A CBP officer collects information from an enrollee during a Global Entry interview at the Ronald Reagan building. (Josh Denmark/CBP)

PERSPECTIVE: National Vetting Center a Needed, Not Controversial, Security Asset

For decades the U.S. has screened and vetted those who wish to enter the United States or apply to come to U.S. as visitors, immigrants or refugees. While technology and threats have changed, what has remained the same is the need for our officials on the front lines to have the most up-to- date and accurate information to decide who should or should not be allowed to enter our country.

To that end, earlier this year the National Vetting Center (NVC) was created to strengthen, simplify, and streamline the complex, ad hoc, and sometimes inefficient ways that intelligence is used to inform operational decisions related to screening and vetting. Despite the hype, I believe the NVC should not be viewed as part of the heated national debate on extreme vetting. Instead, the NVC should be viewed as the continuing improvement of effective security processes to improve the security of our travel, immigration and trade infrastructure. Specifically, I believe there are three added benefits to the government and to America’s overall national security posture with the launch of the NVC.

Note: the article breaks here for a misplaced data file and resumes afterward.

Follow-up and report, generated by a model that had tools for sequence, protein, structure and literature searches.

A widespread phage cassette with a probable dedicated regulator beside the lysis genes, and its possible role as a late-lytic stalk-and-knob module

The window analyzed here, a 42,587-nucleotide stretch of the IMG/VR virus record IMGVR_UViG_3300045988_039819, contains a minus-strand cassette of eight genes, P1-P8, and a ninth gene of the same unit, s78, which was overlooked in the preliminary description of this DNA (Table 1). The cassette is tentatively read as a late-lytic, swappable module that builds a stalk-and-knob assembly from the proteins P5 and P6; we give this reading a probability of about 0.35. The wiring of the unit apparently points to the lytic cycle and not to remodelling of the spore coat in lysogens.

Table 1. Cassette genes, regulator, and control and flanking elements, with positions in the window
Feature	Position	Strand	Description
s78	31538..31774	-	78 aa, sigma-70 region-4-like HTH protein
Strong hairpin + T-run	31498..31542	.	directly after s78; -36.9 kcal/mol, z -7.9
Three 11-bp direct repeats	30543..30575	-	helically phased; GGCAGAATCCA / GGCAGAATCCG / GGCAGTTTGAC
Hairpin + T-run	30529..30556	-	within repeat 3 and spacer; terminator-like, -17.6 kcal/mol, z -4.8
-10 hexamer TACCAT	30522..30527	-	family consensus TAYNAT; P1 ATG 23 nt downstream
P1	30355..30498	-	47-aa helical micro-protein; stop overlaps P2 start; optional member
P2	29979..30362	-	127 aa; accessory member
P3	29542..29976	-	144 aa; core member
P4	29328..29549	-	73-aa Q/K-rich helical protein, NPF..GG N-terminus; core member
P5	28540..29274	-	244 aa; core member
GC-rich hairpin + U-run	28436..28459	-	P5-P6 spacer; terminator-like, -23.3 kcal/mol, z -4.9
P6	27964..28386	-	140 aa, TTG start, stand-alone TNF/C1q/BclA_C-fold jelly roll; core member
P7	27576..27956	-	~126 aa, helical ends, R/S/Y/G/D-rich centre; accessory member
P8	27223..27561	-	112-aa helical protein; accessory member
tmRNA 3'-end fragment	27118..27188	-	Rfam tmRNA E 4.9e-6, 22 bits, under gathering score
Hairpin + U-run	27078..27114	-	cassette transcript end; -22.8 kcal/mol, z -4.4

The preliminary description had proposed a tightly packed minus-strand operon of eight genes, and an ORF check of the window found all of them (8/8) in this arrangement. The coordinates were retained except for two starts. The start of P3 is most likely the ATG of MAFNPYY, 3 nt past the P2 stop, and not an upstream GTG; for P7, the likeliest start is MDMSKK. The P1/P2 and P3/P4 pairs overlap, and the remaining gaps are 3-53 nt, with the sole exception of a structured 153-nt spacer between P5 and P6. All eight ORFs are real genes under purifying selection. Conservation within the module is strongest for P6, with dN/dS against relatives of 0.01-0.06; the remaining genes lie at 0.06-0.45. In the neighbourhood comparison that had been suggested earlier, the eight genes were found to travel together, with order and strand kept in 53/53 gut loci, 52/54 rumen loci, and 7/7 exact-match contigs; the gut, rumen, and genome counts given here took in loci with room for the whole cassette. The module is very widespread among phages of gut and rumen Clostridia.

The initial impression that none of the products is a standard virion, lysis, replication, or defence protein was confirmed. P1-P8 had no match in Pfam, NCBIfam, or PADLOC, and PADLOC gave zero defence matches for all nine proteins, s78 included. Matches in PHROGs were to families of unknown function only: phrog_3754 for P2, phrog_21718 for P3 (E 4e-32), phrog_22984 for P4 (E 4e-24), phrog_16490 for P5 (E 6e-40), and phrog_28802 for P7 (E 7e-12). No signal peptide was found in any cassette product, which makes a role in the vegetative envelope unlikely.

First, the practices and procedures that the U.S. government uses for screening and vetting must be dynamic and continually evolve in terms of throughput, redress, privacy, and accuracy. The NVC is a positive step in that direction. Following the 9/11 terrorist attacks, the U.S. created a system to better protect the homeland against potential terrorists. Lessons learned after each attempted terrorist plot since 9/11 caused the government to incrementally mature the system but never fully institutionalize these best practices in one organization.

While U.S. intelligence, law enforcement and security professionals continue to scour the globe for transnational criminals, spies, drug smugglers and weapons proliferators trying to enter the country illegally or with bad intent, the NVC can serve as a single place to analyze a broader set of applicable government information – with the right privacy regime to ensure that the right analysts have access to the proper information at the right time.